MPs defend voting record on rented homes safety in wake of tragic Grenfell Tower fire
Linking the Grenfell Tower disaster to a vote on ensuring rented homes are '˜fit for human habitation' is politically motivated, MPs have claimed.
MPs were criticised for their voting record in the wake of the fire, which claimed the lives of scores of people last Wednesday.
Comment focused on a defeated Labour amendment to the Housing and Planning Bill, summarised as making homes ‘fit for human habitation’.
Sussex Tory MPs, including Sir Peter Bottomley, Tim Loughton, Nick Gibb and Nick Herbert voted against the amendment.
East Worthing and Shoreham MP Tim Loughton said the matters raised by the amendment were not relevant to the circumstances of the Grenfell Tower fire.
He said: “It is an unfortunate feature of tragedies like this and the immediacy of social media that certain people have sought to point the finger of blame as certain individuals, organisations and politicians often to further political agendas.
“In the light of the sensitivity of this appalling event and the magnitude of the loss of life this is a particularly crass thing to do and does the victims no favours. Their families are entitled to the truth not partisan speculation and I urge them to desist casting ill-informed and often abusive accusations.”
Mr Loughton said there were already rigorous standards landlords must meet under the Housing Health and Safety Rating System.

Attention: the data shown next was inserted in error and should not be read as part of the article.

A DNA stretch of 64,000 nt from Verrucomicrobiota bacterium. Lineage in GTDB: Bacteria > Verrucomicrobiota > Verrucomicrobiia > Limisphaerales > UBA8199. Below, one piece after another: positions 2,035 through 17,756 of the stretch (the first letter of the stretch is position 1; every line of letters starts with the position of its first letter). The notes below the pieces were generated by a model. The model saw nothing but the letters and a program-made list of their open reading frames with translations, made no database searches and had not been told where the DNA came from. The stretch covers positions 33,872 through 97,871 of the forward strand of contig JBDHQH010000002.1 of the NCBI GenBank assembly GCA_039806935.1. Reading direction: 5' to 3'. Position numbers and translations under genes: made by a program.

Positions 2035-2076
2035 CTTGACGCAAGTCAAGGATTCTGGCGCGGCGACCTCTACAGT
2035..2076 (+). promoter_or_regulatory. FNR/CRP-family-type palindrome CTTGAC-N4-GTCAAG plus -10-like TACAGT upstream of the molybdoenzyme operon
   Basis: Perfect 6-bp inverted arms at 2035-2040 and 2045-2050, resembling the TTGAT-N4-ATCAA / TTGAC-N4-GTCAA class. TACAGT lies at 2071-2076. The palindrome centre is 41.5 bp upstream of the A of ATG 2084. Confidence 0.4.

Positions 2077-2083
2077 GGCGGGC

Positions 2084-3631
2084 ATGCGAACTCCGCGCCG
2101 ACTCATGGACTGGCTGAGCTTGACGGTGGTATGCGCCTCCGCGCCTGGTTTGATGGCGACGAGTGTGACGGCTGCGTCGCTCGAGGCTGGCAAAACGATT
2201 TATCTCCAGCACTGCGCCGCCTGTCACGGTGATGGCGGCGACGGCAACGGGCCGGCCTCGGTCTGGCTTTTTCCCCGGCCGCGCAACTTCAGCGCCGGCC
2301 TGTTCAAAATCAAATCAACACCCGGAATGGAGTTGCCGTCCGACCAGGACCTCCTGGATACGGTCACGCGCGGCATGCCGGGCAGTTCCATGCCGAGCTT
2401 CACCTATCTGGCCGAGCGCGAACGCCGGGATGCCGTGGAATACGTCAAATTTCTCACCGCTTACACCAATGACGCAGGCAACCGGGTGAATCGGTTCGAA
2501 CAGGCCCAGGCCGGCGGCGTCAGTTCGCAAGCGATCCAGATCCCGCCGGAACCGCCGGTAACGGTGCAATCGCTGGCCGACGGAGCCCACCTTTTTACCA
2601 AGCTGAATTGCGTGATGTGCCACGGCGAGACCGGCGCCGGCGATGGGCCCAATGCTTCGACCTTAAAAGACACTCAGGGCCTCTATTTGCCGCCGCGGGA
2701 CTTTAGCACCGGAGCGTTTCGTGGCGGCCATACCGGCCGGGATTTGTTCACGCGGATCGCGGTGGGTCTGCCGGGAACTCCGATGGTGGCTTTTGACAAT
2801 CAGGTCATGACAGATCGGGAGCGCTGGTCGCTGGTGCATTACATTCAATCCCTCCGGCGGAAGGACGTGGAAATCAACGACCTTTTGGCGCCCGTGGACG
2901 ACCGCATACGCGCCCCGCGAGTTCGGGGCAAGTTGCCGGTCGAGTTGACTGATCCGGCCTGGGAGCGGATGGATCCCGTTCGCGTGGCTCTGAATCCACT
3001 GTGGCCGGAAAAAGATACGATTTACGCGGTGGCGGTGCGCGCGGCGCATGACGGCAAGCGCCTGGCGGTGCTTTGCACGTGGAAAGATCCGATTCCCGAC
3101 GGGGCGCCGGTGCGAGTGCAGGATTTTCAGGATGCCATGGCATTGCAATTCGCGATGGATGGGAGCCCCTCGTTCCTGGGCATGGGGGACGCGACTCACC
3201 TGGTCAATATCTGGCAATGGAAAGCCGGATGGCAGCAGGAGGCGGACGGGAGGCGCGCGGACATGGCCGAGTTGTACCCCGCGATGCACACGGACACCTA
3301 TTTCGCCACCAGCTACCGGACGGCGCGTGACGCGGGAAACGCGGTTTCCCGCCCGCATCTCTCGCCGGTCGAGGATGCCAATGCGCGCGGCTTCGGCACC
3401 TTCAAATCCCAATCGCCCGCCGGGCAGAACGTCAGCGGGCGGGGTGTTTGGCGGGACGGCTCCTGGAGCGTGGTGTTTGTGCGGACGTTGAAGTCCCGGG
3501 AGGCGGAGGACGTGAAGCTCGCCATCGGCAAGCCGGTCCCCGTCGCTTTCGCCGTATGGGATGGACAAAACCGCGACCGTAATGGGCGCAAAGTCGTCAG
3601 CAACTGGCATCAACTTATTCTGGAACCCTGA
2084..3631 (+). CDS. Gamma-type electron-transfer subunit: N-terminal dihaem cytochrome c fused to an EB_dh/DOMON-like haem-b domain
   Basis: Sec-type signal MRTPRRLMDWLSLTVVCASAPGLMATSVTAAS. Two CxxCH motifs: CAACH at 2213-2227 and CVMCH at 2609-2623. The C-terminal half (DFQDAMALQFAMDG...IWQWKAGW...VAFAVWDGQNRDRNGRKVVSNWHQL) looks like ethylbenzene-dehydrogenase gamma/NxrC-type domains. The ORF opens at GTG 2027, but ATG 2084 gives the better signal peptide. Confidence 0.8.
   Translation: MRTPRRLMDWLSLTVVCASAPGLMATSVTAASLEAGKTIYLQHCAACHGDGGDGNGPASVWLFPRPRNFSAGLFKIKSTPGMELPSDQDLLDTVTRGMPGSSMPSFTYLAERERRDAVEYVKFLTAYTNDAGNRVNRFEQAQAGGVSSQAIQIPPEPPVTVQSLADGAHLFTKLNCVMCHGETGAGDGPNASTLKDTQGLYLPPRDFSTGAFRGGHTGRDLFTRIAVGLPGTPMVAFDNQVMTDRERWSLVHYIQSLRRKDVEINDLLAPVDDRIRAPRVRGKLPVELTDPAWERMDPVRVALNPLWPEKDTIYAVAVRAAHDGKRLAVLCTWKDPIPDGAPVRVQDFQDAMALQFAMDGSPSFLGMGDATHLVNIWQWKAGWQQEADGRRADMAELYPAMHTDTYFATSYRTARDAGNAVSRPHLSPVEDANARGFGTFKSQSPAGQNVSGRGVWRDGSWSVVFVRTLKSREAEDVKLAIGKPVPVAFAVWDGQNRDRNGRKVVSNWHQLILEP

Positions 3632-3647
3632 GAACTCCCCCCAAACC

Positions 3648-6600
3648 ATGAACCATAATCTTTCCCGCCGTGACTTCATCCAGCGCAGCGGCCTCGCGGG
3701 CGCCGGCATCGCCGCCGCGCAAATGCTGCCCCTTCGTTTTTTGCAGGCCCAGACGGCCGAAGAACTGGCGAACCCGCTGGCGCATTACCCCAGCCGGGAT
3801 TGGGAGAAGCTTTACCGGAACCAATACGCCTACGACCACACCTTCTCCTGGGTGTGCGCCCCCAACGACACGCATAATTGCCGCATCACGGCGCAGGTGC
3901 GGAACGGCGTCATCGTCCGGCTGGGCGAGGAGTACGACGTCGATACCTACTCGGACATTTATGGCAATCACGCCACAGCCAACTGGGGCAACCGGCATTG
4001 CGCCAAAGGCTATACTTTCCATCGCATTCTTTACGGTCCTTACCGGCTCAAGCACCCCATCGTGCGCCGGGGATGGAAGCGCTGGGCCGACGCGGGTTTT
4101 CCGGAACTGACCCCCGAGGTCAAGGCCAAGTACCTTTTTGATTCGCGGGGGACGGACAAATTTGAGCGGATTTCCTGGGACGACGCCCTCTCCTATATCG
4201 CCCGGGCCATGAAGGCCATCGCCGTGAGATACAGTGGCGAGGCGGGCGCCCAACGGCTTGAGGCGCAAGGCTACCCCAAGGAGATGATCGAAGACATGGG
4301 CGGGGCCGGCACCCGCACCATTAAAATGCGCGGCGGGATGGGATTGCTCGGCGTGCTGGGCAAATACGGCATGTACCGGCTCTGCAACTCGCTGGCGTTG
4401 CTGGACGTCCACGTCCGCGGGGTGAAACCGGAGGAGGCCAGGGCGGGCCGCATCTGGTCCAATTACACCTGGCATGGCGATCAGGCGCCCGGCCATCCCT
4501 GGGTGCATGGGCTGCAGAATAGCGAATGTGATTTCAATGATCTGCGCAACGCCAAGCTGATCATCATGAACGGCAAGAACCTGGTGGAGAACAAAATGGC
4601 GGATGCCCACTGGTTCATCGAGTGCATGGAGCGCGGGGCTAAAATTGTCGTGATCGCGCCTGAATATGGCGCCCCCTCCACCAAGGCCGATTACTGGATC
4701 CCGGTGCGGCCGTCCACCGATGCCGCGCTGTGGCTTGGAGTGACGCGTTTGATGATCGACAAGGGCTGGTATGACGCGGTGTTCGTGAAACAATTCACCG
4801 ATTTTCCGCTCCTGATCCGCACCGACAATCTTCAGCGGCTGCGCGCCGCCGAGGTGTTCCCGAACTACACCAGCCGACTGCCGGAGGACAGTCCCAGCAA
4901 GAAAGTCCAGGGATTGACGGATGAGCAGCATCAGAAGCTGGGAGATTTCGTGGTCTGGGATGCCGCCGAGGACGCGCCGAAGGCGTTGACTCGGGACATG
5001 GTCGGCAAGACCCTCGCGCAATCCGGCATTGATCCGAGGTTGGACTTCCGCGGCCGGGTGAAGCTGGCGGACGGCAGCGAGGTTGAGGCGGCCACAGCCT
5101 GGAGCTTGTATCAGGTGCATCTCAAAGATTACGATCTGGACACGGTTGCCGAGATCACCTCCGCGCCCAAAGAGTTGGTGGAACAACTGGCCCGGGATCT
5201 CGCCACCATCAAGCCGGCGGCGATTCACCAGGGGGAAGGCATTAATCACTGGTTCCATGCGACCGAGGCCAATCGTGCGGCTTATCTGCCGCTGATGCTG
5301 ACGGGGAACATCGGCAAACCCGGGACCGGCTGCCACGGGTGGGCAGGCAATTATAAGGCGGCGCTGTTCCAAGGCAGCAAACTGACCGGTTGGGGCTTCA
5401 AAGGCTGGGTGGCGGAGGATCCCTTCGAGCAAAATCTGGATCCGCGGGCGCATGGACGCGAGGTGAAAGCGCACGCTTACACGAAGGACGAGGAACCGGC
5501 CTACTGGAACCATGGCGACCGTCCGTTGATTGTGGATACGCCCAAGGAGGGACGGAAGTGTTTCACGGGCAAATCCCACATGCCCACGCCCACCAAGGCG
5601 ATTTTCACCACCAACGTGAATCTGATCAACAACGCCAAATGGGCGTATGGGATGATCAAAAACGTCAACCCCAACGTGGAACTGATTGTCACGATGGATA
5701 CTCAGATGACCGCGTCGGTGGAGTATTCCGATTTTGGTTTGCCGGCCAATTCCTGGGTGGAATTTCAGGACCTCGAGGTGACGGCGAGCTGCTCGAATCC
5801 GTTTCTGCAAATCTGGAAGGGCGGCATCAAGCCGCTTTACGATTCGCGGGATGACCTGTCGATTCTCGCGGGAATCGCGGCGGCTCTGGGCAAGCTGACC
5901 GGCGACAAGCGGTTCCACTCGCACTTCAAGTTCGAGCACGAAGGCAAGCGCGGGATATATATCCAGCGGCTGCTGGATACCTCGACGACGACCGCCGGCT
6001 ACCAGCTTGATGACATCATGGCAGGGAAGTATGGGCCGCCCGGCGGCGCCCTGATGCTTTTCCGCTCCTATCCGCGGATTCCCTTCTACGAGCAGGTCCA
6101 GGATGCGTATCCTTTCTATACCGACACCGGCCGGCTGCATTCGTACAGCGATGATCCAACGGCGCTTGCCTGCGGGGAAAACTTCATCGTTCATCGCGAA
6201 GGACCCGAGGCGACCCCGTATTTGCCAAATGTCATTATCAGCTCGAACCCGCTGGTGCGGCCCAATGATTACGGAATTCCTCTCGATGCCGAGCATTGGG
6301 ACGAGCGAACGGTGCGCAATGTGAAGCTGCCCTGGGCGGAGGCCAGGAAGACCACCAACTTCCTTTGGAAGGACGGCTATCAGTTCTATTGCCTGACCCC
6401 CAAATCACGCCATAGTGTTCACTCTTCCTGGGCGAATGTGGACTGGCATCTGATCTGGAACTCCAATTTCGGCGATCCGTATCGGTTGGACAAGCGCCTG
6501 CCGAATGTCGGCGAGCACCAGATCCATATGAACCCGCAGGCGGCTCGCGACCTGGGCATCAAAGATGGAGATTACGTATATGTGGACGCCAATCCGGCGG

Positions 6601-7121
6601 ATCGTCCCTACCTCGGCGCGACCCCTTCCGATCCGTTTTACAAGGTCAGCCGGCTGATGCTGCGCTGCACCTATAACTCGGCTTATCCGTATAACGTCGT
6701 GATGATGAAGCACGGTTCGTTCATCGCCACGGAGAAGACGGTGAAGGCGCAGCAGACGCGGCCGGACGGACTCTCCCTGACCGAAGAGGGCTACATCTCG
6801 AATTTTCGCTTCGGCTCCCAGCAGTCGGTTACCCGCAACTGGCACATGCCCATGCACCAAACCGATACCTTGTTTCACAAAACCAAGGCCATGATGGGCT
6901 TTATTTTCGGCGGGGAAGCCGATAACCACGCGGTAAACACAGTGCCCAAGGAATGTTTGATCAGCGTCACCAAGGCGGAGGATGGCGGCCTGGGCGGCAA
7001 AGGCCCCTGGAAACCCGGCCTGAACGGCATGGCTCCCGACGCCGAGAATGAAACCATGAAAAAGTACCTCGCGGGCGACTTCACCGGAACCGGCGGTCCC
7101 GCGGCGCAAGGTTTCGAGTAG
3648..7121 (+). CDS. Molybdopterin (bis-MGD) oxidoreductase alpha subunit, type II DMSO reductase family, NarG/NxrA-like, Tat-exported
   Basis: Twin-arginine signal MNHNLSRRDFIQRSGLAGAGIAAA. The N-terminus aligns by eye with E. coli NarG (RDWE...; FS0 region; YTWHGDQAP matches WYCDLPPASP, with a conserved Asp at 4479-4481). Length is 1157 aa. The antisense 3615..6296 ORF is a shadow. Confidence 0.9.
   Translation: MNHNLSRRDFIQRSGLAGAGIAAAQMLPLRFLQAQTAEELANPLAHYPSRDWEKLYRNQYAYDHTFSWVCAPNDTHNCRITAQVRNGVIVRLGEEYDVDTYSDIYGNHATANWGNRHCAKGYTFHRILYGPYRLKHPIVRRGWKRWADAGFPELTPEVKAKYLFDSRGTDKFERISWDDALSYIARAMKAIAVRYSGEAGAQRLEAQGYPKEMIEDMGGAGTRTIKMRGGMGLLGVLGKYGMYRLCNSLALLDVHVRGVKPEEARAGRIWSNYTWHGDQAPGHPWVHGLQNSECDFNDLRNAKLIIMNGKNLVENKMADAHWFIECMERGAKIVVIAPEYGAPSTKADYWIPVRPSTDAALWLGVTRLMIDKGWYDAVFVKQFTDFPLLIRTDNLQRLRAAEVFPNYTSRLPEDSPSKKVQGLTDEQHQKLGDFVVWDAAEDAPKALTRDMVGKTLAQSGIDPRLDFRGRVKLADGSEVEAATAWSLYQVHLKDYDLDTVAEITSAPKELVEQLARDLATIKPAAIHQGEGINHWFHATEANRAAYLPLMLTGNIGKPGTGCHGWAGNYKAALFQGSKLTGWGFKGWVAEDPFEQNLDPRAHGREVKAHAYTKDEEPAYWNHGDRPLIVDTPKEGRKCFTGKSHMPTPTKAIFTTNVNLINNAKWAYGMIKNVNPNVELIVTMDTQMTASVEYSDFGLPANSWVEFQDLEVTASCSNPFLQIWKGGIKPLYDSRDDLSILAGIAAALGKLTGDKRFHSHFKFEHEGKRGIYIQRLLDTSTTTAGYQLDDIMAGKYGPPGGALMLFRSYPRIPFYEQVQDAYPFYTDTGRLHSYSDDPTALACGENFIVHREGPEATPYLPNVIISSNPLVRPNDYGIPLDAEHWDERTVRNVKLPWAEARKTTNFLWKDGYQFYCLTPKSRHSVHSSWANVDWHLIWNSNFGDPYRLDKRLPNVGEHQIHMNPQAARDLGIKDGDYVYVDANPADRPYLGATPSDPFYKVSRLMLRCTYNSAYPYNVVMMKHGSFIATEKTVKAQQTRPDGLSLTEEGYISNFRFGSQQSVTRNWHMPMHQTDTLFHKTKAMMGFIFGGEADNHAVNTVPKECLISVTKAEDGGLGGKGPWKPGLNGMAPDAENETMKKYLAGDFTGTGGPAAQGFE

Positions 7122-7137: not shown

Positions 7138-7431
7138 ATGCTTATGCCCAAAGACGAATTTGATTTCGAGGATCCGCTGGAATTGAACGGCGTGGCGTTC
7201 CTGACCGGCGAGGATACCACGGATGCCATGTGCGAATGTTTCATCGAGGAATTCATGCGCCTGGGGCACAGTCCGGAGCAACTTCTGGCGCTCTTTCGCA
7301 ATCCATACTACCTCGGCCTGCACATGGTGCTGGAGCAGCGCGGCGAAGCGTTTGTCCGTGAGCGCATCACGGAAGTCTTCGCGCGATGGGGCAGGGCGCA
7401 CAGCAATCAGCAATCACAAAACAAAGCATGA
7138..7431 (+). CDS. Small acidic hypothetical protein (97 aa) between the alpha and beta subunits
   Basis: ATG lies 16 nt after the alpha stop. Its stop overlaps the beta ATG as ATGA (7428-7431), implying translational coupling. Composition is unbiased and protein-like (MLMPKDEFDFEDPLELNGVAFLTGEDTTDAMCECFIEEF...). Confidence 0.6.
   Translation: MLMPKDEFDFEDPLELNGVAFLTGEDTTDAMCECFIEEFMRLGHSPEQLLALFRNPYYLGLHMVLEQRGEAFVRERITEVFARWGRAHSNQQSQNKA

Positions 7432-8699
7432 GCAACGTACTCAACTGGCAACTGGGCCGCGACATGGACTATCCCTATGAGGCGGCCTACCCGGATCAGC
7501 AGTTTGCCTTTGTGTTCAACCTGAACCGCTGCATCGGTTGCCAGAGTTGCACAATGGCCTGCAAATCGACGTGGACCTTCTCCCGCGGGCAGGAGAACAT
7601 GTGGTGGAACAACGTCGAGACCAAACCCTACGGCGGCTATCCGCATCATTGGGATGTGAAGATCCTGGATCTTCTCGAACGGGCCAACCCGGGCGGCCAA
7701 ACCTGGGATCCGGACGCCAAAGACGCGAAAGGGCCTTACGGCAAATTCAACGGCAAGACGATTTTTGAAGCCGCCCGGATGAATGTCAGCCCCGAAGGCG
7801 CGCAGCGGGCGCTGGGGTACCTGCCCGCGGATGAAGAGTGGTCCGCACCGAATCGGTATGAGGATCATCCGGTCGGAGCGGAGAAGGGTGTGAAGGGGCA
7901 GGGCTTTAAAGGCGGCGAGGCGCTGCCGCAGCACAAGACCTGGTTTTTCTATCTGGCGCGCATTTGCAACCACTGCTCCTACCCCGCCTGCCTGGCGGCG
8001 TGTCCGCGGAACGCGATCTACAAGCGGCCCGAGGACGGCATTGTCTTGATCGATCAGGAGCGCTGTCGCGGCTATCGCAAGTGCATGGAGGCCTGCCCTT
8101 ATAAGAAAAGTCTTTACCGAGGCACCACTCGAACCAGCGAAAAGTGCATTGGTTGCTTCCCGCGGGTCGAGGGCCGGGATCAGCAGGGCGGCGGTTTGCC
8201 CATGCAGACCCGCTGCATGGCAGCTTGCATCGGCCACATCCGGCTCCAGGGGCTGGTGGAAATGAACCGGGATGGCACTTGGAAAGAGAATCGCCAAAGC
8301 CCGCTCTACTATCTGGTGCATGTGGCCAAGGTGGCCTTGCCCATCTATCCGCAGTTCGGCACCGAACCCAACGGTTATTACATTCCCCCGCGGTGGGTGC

He said: “Under the Housing Act 2004, following an inspection, local authorities can issue the landlord with an improvement notice or a hazard awareness notice.
“This is also an area that my Worthing colleague Sir Peter Bottomley has been closely involved in and we work together to make sure that the safety of local residents is paramount, notwithstanding the pressures caused by social housing shortages in the area.”
Sir Peter Bottomley, whose Worthing West constituency stretches as far as Rustington, defended his record on keeping tenants of rented properties safe.
He pointed to the signing of numerous Early Day Motions promoting fire safety, including one in 2012 calling on residents to undertake basic checks as part of Electrical Fire Safety Week.
He said: “There are a lot of people on social media trying to stir up political hatred.
“The amendment was not about what is most likely to be the contributory cause of the fire.
“If someone had drawn my attention to flammable cladding I would have campaigned as strongly as I have for other causes.”
Sir Peter drew parallels from his time as roads minister in the late 1980s.
He said at that time, there were around 5,600 deaths on the UK’s road network, a figure cut today to 1,700. He explained he was ‘laughed at’ in the media for being ‘too conscientious’ but said people needed to be conscientious to make a difference.
Mr Herbert and Mr Gibb did not reply to a request for comment by the time this newspaper went to press.
But another Sussex MP, Horsham’s Jeremy Quin, explained why the Labour amendment was not directly linked to the issues surrounding the Grenfell Tower fire.
The MP said the amendment focused on private landlords – not social housing like Grenfell Tower – and he explained his reasoning behind the vote.
Mr Quin argued the amendment would have created a parallel scheme to the existing housing safety system, which allows councils to take enforcement action if properties are not up to scratch.
He said the change would have meant tenants had to gather evidence and take their landlords to court if there was an issue with their property – creating an ‘ambiguity’ over who was responsible for enforcement.